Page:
Knowing that Microsoft Office is one of the most popular and widespread software suites on the planet, cyber-criminals and hackers seeking likely victims will often make Office documents and applications the focus of their attempts to gain access to external systems, or generally wreak havoc. Much of this activity relies on scripts containing malicious code, which can call up a variety of actions.
According to Cisco’s 2021 Cyber Security Threat Trends report, 86% of organisations surveyed had at least one user attempt to connect to a phishing website while users in 70% of organisations were served with malicious ads. Despite being an old trick, phishing is a popular approach because it is simple and effective. It targets the security weakest link - the user. Phishers frequently impersonate reputable people in electronic communications. That's probably why it accounts for 90% (that's not a typo) of data breaches, according to Cisco.
(Image source: Cisco.com)
Such attacks exploit the natural knee-jerk reaction to tempting offers or threatening situations. In response to an irresistible offer or threat, phishing emails or text messages typically invite a prospective victim to follow links to a booby-trapped website or to open a document containing malicious code.
For users of Microsoft products, malicious software or malware may try to infect a victim’s computer by calling up executable files and scripts used in Office apps or webmail. These may attempt to download or run files designed or supplied by the hacker. Malicious scripts can give them an entry point to a personal system or corporate network, or enable them to corrupt existing files and applications.
Enterprise system administrators often have a multitude of Microsoft Office users to assist and oversee, making the issue of dealing with external threats, particularly challenging. The following techniques and recommendations can help.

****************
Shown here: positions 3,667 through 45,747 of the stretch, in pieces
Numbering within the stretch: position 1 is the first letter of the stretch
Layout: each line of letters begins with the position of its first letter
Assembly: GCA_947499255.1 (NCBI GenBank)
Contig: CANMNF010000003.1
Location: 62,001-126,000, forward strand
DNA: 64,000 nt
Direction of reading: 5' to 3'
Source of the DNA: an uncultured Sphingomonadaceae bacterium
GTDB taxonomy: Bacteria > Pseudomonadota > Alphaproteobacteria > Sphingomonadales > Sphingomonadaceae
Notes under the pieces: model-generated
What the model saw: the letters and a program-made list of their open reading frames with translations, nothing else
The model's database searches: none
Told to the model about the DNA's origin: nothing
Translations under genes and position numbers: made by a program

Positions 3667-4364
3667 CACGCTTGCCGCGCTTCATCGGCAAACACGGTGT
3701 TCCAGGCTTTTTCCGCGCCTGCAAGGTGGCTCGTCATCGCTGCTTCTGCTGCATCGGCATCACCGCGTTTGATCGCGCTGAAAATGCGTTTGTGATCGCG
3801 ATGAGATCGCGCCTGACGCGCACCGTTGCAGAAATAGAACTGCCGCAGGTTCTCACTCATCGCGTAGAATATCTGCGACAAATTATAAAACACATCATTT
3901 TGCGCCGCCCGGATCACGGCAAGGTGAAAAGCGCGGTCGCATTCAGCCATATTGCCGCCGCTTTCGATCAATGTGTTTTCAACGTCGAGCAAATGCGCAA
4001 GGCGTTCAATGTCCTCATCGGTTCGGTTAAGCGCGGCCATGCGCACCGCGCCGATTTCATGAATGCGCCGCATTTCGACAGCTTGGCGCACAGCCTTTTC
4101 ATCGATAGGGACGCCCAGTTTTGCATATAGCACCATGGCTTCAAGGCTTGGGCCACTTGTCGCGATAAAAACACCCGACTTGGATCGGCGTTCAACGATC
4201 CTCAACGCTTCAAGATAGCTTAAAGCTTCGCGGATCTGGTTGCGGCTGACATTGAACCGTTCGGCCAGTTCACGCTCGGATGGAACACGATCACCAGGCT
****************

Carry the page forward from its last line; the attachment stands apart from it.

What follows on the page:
You first need to identify who in your organization is actually using Microsoft Office, in terms of names and numbers. You must then establish what kind of office implementation each of these users requires. In some cases, the user may not require the full functionality of an Office Suite, or need access to all of the tools available.
Use An Appropriate Microsoft Office Deployment Method
Not every user in an Office 365 installation has to have the same setup. For enterprise users, it’s possible to mix and match different versions of Microsoft licensing, inside your Office 365 deployment. For example, users with limited functionality requirements may be able to work from a web-based version of Office that isn’t installed on your system directly. This can also make security deployment easier, as web installations can be run in a “sandbox” mode that keeps them separate from the rest of your network.
Your enterprise hierarchy may make higher profile executives within your organization a more tempting target for hackers. Likewise, security monitoring may reveal that certain individuals at various levels of the company are being targeted by phishing attempts more frequently than others. Users like these may benefit from an Office license with greater security protections and more sophisticated tools.
For users in your organization who don’t require the full collaborative functionality of Microsoft Office, it may even be desirable to use an alternative software suite. Teamwork and document sharing can often be accomplished by other methods such as read-only PDF files, online forums, or web-based forms.
Though intended to automate routine functions and make life easier for Office users, macros have rightly gained a reputation as gaping security holes in any system running Microsoft software. Scripting attacks are most often perpetrated through malicious macros that call up actions favourable to the hacker.